The other day, my colleague and a good friend called me and told that her SQL Server gone nuts.
One of developers launched a query and it run for ages, once she executed the same query it returned results in a few seconds.
So how something like this can happen ?
Each compilation is done for specific set of server, database, user, connection and set options.
The most common cause in a difference between execution plans for same query, is set option “ARITHABORT”. In most connection string builders it is “off” by default. In SQL Server Management Studio it’s “on” by default.
Once we get problematic query we try to troubleshot it within Management Studio and might get different execution plan.
So ARITHABORT was my immediate suspect and I asked my colleague to check it.
We can compare set options of different connections by querying sys.dm_exec_sessions DMV.
Surprisingly it wasn’t the case, however DMV showed difference between my colleague and application login languages – us_english and polski.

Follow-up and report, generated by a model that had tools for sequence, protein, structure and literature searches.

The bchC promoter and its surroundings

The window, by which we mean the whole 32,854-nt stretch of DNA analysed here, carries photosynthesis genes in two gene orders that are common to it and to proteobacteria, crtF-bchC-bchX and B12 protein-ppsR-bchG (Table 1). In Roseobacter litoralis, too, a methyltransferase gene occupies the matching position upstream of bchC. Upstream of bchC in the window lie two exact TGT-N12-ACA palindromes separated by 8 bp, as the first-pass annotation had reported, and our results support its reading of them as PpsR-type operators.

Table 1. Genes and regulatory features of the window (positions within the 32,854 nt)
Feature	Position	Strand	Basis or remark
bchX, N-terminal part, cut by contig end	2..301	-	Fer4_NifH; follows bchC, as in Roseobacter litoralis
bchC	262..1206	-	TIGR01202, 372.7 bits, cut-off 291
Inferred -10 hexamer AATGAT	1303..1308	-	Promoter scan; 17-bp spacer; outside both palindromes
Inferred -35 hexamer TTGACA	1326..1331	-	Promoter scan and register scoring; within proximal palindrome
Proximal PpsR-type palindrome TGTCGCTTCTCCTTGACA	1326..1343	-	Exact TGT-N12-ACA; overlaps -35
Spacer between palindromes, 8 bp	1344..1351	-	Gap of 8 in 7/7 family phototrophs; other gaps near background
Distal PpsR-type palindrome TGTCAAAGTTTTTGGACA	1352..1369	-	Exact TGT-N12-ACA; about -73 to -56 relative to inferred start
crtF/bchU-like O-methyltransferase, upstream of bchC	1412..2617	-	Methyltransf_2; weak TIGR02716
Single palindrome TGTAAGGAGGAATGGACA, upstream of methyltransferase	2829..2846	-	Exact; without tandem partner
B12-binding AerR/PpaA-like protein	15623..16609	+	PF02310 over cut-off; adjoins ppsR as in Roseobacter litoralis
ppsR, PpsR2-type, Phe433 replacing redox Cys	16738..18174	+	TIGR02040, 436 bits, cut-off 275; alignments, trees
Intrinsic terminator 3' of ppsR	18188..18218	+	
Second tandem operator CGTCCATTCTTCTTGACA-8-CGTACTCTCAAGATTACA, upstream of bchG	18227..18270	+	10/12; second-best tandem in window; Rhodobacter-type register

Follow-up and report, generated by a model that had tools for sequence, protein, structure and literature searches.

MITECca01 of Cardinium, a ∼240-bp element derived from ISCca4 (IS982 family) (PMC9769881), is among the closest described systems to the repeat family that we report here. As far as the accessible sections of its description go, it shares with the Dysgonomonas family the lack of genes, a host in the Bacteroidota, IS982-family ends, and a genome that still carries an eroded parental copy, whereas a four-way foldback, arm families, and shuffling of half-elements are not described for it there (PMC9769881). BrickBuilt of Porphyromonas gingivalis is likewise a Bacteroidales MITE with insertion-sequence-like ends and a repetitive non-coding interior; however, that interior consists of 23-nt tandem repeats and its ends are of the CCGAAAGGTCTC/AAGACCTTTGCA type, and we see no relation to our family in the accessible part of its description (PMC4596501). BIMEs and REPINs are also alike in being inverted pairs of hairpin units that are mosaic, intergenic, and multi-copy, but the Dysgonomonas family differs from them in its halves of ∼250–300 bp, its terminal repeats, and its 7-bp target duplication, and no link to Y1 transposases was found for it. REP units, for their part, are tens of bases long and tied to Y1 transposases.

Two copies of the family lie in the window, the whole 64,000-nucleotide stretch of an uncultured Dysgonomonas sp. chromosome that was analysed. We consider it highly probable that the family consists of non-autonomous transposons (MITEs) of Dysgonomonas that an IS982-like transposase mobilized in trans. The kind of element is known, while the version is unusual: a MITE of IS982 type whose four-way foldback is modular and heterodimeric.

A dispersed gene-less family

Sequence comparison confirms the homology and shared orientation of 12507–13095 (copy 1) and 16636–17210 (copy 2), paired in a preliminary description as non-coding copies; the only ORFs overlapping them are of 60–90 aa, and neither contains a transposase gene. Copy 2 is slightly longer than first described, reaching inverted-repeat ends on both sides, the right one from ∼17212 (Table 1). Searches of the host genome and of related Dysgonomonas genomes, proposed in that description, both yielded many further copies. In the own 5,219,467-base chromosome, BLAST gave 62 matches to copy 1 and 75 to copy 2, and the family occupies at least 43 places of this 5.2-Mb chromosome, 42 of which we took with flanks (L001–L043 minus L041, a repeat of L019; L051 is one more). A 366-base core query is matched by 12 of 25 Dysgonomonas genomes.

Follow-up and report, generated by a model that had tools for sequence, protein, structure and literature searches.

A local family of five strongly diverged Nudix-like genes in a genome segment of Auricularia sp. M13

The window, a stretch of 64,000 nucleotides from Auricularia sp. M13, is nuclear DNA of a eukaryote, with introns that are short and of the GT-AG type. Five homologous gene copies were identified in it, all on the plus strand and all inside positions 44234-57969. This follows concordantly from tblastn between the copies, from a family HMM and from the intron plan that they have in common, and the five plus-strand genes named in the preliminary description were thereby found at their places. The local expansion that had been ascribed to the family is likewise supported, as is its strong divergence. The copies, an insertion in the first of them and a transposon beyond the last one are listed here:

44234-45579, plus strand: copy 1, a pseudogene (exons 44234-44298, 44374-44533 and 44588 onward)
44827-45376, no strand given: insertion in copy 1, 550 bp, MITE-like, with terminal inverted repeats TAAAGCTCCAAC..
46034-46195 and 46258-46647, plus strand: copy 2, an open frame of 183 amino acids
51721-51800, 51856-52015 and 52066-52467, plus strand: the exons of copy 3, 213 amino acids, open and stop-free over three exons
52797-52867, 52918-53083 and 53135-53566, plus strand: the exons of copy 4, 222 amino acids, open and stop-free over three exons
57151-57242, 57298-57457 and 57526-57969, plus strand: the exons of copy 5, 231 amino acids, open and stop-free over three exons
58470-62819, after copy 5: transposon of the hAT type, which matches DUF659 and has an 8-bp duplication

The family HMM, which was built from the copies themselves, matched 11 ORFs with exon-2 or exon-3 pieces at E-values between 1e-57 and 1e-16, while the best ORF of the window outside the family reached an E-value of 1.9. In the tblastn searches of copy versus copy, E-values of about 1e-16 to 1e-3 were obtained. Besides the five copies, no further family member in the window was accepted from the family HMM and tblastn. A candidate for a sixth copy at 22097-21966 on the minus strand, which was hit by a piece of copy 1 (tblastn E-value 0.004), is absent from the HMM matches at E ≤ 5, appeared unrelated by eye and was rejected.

At this stage I was almost sure that execution plan was not the only thing that was different.
As a result of language difference and usage of “dependent” date format the resultset was different too, as SQL Server implicitly converted date string like “07/10/2012” to different dates October 7th and July 10th.
We’ll talk about “dependent” and “independent” date formats in one of our future posts.
As you can see, the execution plan can be influenced by different factors and it is important to be aware of this.
You are welcome to explore sys.dm_exec_sessions DMV and sys.dm_exec_plan_attributes function. (http://msdn.microsoft.com/en-us/library/ms176013.aspx, http://msdn.microsoft.com/en-us/library/ms189472.aspx)